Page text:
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DELRAY BEACH — With a combination of one-lane roads and a buzzing nightlife scene, downtown Delray Beach is already a traffic nightmare, but experts warn the gridlock will get even worse if the city doesn’t make major changes.
As two major development projects continue to progress in downtown, Delray Beach officials are considering a proposal to overhaul the intersection at Atlantic Avenue and Swinton Avenue, as well as just west at Southwest First and Southwest Second avenues.
Among the changes, the city would eliminate the eastbound right-hand turn lane on Atlantic Avenue and Swinton, prohibit various left turns and increase the sidewalk space by Atlantic and Swinton to make it safer for people walking to restaurants and bars.
The changes are necessary to streamline traffic and efficiently move cars through downtown because of the expected surge of additional cars that will come with the Sundy Village and Atlantic Crossing complexes, traffic experts told city officials during a public meeting.
A $300 million project on Atlantic just east of Federal Highway, Atlantic Crossing will feature restaurants, shops, 83,000 square feet of office space and 261 luxury apartments over nine acres. Sundy Village, just south of Atlantic Avenue by Swinton, will have numerous restaurants, bars, shops, wellness centers and office space along seven acres of city blocks.
“There’s so much demand in the future with all these approved developments,” said Natalia Lercari, a traffic consultant for the engineering and planning firm McMahon Associates.
“What happens without the recommendations we’re proposing is [the added cars from these developments] causes gridlock…You’ll still have westbound and eastbound queues and probably more than we see today, because these are two very big projects, but the difference is it’s a much greater improvement if these improvements are made.”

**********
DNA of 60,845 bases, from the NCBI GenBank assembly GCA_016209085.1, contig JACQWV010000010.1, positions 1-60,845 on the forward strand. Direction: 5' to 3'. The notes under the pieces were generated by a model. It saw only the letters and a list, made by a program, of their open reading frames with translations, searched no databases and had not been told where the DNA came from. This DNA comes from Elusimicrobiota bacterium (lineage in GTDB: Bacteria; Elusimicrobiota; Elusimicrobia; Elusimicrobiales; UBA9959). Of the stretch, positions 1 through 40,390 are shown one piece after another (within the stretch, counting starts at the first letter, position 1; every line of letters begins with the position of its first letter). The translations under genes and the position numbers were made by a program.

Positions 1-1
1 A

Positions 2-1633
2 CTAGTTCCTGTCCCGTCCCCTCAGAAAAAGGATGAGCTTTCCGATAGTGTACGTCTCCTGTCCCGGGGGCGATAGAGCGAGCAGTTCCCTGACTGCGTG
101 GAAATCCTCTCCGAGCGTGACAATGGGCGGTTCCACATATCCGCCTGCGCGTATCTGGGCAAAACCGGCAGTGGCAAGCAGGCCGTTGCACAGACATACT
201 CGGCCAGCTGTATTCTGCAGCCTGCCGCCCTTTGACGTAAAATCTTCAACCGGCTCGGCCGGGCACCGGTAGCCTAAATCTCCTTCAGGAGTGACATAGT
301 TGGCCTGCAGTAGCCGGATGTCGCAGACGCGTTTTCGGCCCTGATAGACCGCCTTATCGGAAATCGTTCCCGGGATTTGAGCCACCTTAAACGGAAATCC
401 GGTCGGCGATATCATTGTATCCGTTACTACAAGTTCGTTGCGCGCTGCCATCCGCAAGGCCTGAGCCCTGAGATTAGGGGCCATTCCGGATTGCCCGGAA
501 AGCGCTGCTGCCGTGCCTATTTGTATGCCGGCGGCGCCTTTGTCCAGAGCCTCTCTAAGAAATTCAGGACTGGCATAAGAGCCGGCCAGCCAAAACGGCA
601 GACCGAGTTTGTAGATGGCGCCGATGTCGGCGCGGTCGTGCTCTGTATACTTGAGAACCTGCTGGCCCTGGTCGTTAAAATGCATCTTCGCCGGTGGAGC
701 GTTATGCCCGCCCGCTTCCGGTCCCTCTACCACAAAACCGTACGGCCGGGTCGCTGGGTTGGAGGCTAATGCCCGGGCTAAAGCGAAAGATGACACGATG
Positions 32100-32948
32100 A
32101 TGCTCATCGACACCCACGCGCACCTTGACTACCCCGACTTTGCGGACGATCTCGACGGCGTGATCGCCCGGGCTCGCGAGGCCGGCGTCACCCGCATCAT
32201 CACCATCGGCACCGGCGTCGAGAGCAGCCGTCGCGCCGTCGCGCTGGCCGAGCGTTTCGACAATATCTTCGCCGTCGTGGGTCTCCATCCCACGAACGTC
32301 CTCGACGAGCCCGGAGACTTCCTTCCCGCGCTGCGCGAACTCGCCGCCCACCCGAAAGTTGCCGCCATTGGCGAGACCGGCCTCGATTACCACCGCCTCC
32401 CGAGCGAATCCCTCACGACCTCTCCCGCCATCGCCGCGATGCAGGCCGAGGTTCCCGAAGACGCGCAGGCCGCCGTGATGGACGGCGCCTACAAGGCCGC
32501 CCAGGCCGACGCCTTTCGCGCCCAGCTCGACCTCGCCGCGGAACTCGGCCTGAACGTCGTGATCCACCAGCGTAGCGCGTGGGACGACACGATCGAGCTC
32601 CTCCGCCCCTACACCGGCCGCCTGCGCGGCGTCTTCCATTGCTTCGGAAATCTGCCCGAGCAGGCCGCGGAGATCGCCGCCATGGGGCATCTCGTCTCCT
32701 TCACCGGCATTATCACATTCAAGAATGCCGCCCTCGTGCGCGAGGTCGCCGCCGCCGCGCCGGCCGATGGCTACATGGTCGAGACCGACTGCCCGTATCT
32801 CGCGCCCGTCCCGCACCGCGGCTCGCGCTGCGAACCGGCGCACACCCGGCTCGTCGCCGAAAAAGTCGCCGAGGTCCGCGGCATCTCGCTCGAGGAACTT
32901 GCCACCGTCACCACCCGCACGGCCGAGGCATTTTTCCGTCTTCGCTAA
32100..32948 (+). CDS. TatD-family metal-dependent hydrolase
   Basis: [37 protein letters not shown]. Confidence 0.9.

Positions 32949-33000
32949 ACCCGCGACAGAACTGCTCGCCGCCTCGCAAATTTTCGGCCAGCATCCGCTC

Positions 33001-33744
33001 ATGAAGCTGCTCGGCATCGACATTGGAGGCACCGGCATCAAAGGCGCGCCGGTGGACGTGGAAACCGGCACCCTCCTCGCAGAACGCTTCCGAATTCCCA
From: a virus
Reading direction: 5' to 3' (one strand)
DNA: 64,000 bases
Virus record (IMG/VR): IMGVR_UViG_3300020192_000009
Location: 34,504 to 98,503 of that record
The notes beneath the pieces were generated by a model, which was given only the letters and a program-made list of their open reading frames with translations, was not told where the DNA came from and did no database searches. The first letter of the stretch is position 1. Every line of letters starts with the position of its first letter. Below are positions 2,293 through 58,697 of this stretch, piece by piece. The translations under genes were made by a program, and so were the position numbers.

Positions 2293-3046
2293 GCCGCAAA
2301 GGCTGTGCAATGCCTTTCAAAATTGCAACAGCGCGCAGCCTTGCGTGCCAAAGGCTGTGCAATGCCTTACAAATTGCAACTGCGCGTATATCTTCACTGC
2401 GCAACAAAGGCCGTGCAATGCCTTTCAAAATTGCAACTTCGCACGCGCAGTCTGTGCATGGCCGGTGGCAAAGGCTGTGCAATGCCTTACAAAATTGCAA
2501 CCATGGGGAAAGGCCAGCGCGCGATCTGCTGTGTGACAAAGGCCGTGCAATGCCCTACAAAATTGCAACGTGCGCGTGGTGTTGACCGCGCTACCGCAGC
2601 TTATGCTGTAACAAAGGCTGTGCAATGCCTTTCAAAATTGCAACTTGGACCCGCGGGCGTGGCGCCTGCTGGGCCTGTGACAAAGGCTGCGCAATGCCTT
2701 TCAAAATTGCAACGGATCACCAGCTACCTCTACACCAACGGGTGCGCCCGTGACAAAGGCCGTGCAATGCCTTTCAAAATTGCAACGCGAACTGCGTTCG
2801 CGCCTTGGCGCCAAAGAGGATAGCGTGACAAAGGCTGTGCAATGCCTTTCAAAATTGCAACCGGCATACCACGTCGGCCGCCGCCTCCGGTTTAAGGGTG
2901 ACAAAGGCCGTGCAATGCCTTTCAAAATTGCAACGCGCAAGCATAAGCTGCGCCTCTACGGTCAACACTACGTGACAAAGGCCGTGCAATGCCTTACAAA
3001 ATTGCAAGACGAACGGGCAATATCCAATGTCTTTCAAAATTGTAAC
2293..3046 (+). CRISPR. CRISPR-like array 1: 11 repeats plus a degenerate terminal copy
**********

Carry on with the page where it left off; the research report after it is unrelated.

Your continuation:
The proposed changes would also increase safety for both cars and pedestrians at Atlantic and Swinton, which saw 179 crashes from 2016-18, according to the city. As the unofficial entrance to downtown, the intersection sees significant foot traffic with people crossing the street. The elimination of the right-hand turn lane heading eastbound in conjunction with larger sidewalks would in theory help reduce potential crashes.
“There’s a lot of pedestrians that cross there,” Lecari said. “They cross whether cars turn. We did a lot of field observation and cars just don’t wait. They’ll [drive right at you].
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“So the idea is to tighten that up and try to remove the conflicts where we can at this intersection.”
Delray Beach Mayor Shelly Petrolia worried that eliminating that right-hand turn lane before Swinton would “create a huge backup” and believed it “would be a complication” if motorists didn’t have that option. Lecari said the idea would be for drivers heading eastbound to begin making right-hand turns instead at Second Avenue or First Avenue to help alleviate the bottleneck that occurs at Swinton.
City Commissioner Ryan Boylston was in favor of the changes. “It’s absolutely necessary we move forward with this before some of these other projects come online.
“We are going to see an increase in cars,” Boylston said. “That’s a fact. There’s nothing we can do about it; we’re going to see an increase in cars.”
“The last presentation I saw a line that says ‘What makes cities smart?’ This is what makes cities smart: implementing programs like this. It makes it safer for pedestrians and it also waters down the bottleneck. We have an extreme bottleneck at Swinton and Atlantic. It’s dangerous if you’re in a car. It’s dangerous if you’re out of a car,” he said.
City officials are expected to discuss the proposal further at a later date.